While Borgundy agrees with the Russian view that the best weapon to combat a tank is another tank, and combined arms with plenty of tank-infantry cooperation are the keys to success, this does not mean that the infantry should not have weapons for killing tanks. It’s all the more important since most modern western IFVs don’t mount anti-tank missiles. While Fishbreath’s challenge isn’t strictly accurate structure-wise for mechanized infantry, the general point holds. We’ll need two weapons: a man portable anti-tank guided missile (henceforth ATGM), and something unguided that can defeat tanks up close with the secondary purpose of battlefield demolition. We can’t really do away with the rocket launcher requirement, because the rounds are cheap and useful for blowing up bunkers and the like, plus if a tank gets in close, they don’t require any guidance preparation. Guidance is clearly required for longer-range shots.
We’ll start with the relatively simple unguided case. With a general trend towards western suppliers, and the unfortunate demise of much of the French arms industry, our choices are rather limited. We first must answer a simple question: how much tank should we be able to kill with a rocket? Requiring penetration of heavy front armor, with likely ERA kits will drive up the weight (also the cost, but not by much–these are unguided weapons after all). The Panzerfaust 3T is probably the most powerful available rocket, should be reasonably capable of dealing with most modern frontal armor, even if ERA equipped, and comes with a computerized sight to aid in making long range shots. However, it weighs 33.5 lbs (15.2 kg). If we accept side penetration only, we have choices. The standard one-use only rocket is the Saab AT4, which weighs 14.8 lbs. Alternatively, for a somewhat heavier (20 lbs or so) reusable weapon, we could go with the Carl Gustav with it’s wide variety of available rounds. That said, we do really want the properly tank-killing potential of the Panzerfaust 3T. Since our army is heavily mechanized, we have an infantry fighting vehicle to help carry the load most of the time. We also have the IFVs gun, which provides a useful volume of high explosive support. However, the 35mm Bushmaster III chain gun on our IFVs isn’t really capable of killing tanks from the front, but it is reasonably capable of engaging them from the side. The Panzerfaust 3T at least adds an additional capability to the squad. Plus, there are large stocks of T-72 and T-80 tanks that could be pressed into service that can shrug off frontal hits from either AT4s or Charlie Gustav rounds.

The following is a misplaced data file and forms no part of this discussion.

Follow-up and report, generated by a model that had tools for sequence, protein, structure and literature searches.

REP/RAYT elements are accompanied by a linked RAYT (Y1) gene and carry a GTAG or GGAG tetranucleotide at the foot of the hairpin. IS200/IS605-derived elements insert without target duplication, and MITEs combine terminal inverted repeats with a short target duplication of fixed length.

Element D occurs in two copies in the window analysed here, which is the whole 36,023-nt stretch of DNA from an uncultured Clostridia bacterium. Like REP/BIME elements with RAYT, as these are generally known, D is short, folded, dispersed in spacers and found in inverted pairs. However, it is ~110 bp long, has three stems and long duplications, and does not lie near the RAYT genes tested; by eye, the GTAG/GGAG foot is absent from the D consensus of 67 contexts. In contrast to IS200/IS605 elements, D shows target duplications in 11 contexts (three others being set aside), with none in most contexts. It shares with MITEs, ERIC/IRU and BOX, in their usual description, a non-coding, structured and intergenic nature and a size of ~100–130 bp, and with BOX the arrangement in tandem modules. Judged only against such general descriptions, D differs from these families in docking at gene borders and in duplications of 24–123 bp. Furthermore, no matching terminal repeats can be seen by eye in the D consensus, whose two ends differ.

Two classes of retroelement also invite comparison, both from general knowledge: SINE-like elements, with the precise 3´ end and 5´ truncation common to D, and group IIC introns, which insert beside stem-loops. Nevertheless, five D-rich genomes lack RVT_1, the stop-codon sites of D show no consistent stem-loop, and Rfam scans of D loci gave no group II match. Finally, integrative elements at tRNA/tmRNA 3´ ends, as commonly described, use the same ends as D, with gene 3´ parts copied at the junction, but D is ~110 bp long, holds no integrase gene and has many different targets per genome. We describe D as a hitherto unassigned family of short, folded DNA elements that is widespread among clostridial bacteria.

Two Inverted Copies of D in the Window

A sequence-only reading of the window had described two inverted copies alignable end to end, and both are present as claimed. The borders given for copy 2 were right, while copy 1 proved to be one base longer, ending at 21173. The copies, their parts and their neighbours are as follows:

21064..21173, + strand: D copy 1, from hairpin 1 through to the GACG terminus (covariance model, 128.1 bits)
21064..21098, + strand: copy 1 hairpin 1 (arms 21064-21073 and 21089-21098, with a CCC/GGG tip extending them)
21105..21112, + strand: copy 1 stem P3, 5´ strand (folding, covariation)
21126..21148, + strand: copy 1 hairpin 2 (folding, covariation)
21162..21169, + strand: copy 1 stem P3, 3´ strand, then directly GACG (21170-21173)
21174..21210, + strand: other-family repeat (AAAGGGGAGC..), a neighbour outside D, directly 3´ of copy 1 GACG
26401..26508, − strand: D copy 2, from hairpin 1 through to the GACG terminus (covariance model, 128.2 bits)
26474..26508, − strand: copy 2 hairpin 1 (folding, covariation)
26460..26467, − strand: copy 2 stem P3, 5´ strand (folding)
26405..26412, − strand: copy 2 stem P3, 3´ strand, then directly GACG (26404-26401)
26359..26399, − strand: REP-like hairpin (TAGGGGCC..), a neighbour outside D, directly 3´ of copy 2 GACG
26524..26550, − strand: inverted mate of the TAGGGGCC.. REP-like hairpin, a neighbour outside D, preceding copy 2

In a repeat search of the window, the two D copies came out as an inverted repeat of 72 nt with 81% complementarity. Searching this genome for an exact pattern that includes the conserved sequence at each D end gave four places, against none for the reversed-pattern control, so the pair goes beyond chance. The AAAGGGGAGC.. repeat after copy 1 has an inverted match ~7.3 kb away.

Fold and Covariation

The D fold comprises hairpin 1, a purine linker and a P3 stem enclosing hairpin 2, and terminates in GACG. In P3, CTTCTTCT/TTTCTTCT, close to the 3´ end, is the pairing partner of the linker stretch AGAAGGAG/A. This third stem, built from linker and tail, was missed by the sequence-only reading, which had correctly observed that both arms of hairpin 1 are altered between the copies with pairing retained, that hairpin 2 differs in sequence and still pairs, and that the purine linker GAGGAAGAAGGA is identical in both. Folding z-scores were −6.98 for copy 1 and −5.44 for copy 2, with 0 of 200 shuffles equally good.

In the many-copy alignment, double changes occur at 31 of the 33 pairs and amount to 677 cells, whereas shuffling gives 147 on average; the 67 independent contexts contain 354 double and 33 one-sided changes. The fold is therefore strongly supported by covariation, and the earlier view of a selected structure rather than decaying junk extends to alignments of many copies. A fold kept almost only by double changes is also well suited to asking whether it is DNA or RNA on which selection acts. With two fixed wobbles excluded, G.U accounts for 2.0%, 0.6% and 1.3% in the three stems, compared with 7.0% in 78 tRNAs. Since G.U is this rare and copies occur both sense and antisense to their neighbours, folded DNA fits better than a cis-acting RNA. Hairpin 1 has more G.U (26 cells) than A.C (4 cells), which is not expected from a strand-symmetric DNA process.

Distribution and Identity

On to the guided weapons. This is a little harder, because there are lots of similar systems available. First, taking stock of the threat, we should look at enemy armor. Again, we see the same problem as before of getting stuck in the race between armor and shaped charge warheads, made worse by the range requirements. For this reason, some modern missiles have attempted to get around the problem by attacking the top armor, which is thinner. The Milan missile doesn’t use top attack at all, but it’s basically obsolescent. Other missiles have better range, tank-killing power, and fire-and-forget options. The heavy hitters in the competition are the Israeli Spike and the American Javelin, both of which have better guidance and bigger warheads than the Swedish BILL 2, which uses an overflight top-attack rather than a diving top attack flight profile. Javelin and Spike are similar missiles at similar price points, but the Spike has a longer-range man-portable version, and it has the option to keep the gunner in the loop with a fiber optic cable. Javelin can only do a fire and forget launch mode, but it has a better seeker, and both the Javelin missile itself and it’s reusable command launch unit are lighter. Cost is roughly comparable. We’ll take lighter and more effective within the range that ATGM shots are likely to be taken, so we’ll take the Javelin.
So, that should settle the challenge. That said, given our heavy and heavier options above and recent experiences in Iraq, there’s a need for a light rocket for demolition work, especially in urban settings and for bunker busting. It is also a useful squad capability, as it can be used to maximize shock effects in the initial moments of contact. For these uses, we want something light and cheap. Issues of carrying capacity can be handily resolved by our IFV, because it can carry what isn’t needed. This can be considered a bit of an “arms room” for the squad, provided we don’t go too overboard. For weapon choice, we can actually go even lighter than the AT4 with the older, Vietnam-era M72A7 LAW. It’s rated for about a third of the armor penetration of the Panzerfaust 3, but it only weighs five and a half pounds. It’s a perfectly adequate demolition rocket, and the light weight means it’s easy to add to the squad’s loadout even when there are no tanks around. It’s not a fancy warhead, but it’s cheap, light, and cheerful, and compliments the big panzerfaust 3 well. Plus, lest you think I’m cheating by buying more types of weapons than originally called for, the US army still buys old M72A7 LAWs plus the newer, more formidable AT4s, and Javelin missiles. And the Germans supplement their Panzerfaust 3 with Matador rockets.
Pingback: Light Reloadable Antitank Shootout: RPG-7 vs. Carl Gustav - The Soapbox